• If a permit is required you may also need to organise a visitor’s permit for parents or anyone helping you move in!

On the day

Be careful when you are moving your belongings in. Don’t leave the car or house open and unattended, as this is a prime time for opportunist thieves to steal your valuables!

Once you're inside your property, check it thoroughly and consider how it compares with when you saw it at the time of signing the contract. Take photos of the property (including any wear and tear damage) so that you have proof of its condition as you take over the occupancy. Inform the owner straightaway of anything you are concerned about.

Check off the fixtures and fittings against the inventory (if available) and if anything is missing or damaged, make a note of it, take a photo and once again contact the landlord. If you do not report things at this point, you may find yourself paying for it out of your deposit at the end of the year.

All properties should have a Periodic Electrical Safety Certificate and a Gas Safety Certificate, and your landlord should make these available to you. Make a note of the renewal dates so that you are aware of whether they will need renewing during your tenancy.

If there are any issues with cleanliness, fire escapes, repairs, decoration or furniture, inform the landlord in writing straight away so they can sort it for you and to prove any issues were pre-existing.

Utilities - setting up your accounts

Take meter readings of your gas, electricity and water meters immediately. Register with the relevant utility companies and, if possible, register everyone in the house, so that no one has to take individual responsibility.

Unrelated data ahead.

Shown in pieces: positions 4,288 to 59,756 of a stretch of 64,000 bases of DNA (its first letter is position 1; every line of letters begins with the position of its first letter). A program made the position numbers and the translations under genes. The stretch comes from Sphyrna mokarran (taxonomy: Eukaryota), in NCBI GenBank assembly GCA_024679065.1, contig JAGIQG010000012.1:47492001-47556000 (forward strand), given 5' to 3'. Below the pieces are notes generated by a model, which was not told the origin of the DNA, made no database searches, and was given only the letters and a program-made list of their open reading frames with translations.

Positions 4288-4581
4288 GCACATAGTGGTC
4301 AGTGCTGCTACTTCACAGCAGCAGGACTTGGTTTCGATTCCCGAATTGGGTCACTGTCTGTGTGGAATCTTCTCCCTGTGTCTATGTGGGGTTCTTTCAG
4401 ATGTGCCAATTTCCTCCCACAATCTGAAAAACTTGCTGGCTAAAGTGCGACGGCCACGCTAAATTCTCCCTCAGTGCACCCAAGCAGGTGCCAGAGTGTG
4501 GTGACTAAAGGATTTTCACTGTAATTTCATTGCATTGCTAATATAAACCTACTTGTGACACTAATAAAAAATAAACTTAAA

Check you can find the stop taps for water, gas and electricity. Ask your landlord for help if you can't locate them.


Security can be a risk in areas that are popular with students. There are however a number of things you can do to reduce these risks.

  • If a burglar alarm has been fitted to your property, make sure you find out how to activate it and switch it on whenever the property is empty.
  • Always lock exterior doors when coming in and out of properties and only leave windows unlocked if you are in the same room.
  • Even when in the house, keep exterior doors locked to prevent intruders from entering.
  • Be wary of people calling at your door unexpectedly. Ask for ID from visitors claiming to require access to your home for a specific reason.
  • Ensure bikes are locked up securely.
  • Consider taking out insurance for your valuable belongings.

Bike marking

Unfortunately cycle theft, especially on campus, is a fairly common crime. If you have your bike marked, police will be able to track your bike and get it back to you, if it has been stolen and subsequently recovered.

Change of address

There are some people you may need to inform of your change of address. You may want to consider:

  • University (when you re-register at the start of term)
  • Your bank
  • Your car insurance provider
  • Utility companies

Getting on with the neighbours

Many student houses are in residential areas of the city and you are therefore part of a wider community. There are many things you can do to live in the community harmoniously.

When you arrive, introduce yourselves to your immediate neighbours and find out what they’re like. If they’ve got young children who may be disturbed by noise, be sensitive to this. Tell your neighbours about any parties and keep the noise down after 11pm. If you’re coming home late at night don’t talk loudly outside or bang car doors. Chances are that if you are considerate, your neighbours will be less likely to complain and more likely to look after your house while you’re away. This helps to improve the general security of the area.


If your landlord isn't accredited, you still have access to an independent complaints scheme called 'Right of Redress' - for more info click here.